category: full length one-act
running time: one hour forty-five minutes
setting: various locations around the San Francisco Bay Area
Chester, a former business man
Imogen, his ex-girlfriend, a writer
Hugo, their good friend from Tucson
Deva, his housemate
Xavier, his boyfriend
Aurillio, another guy Hugo is seeing
Hamish, yet another guy Hugo is seeing
Lisa, his best friend, who starts seeing Hugo
Jenny, her ex-girlfriend
Trent, her husband, who is friends with Chester and Hugo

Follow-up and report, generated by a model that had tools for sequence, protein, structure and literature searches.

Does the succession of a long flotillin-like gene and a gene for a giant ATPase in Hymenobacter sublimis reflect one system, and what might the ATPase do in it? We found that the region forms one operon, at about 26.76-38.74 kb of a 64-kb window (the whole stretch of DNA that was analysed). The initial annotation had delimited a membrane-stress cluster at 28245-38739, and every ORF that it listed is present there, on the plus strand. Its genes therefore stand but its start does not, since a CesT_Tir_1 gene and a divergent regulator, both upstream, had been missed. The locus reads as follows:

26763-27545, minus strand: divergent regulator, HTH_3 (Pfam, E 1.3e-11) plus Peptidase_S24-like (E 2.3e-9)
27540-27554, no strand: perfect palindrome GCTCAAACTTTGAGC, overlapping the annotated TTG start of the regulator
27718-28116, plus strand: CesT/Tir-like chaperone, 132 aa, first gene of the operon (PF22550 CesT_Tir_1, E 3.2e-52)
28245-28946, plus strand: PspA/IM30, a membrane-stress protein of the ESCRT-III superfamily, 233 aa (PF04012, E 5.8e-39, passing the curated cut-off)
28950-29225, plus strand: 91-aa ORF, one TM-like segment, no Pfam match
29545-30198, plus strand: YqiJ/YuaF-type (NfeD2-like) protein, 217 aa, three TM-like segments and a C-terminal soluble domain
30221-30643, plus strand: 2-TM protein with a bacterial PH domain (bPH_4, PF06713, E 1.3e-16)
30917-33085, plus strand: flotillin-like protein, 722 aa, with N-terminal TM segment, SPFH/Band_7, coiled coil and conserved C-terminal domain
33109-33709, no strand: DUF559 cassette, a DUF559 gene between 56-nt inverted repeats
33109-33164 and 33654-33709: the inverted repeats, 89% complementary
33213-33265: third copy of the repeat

Chester has just sold his video store in Tucson and decides to visit Hugo, a child-hood friend who now lives in San Francisco off of a trust fund and occasional drug deals. While the two of them meet up with their other long-time friend Trent at a bar in the East Bay, Trent’s wife Jenny confesses to Imogen, Chester’s ex, that she hates her six month old baby and Imogen admits that she’s avoiding Chester, who was hoping to see her while he’s in town (she’s also there for a book signing). Hugo picks up Lisa at the bar, thinking she’s a stranger, only to realize after they’ve had sex that she is Jenny’s former college girlfriend. The connection between them, however, appears to be deeper than either first suspect and they begin a tentative relationship, much to the chagrin of Xavier, Hugo’s primary partner. Chester finds himself ignored by Hugo and bonding with Deva, Hugo’s roommate, who talks him into letting go of Imogen after the two run into each other at a bookstore where she’s autographing books. The bookstore is run by Hamish, Lisa’s best friend, who befriends Xavier after the two of them verbally fence with Aurillio, a recovering drug addict that Hugo has been sleeping with who abandons his much older boyfriend to restart his life in New York City. Imogen and Chester re-unite in the airport after she confesses she pretended to have a new boyfriend because she was worried Chester’s lack of ties to Tucson would force her to finally admit they should try getting back together. Lisa ultimately dumps Hugo and confronts Jenny in public over their past affair. Hugo and Xavier reconcile themselves to the unusual nature of their relationship. Jenny and Trent strike a deal that she’ll go to therapy if he’s allowed to smoke weed, and as the play ends it seems she’s beginning to finally bond with the baby, who they have ironically named Cain.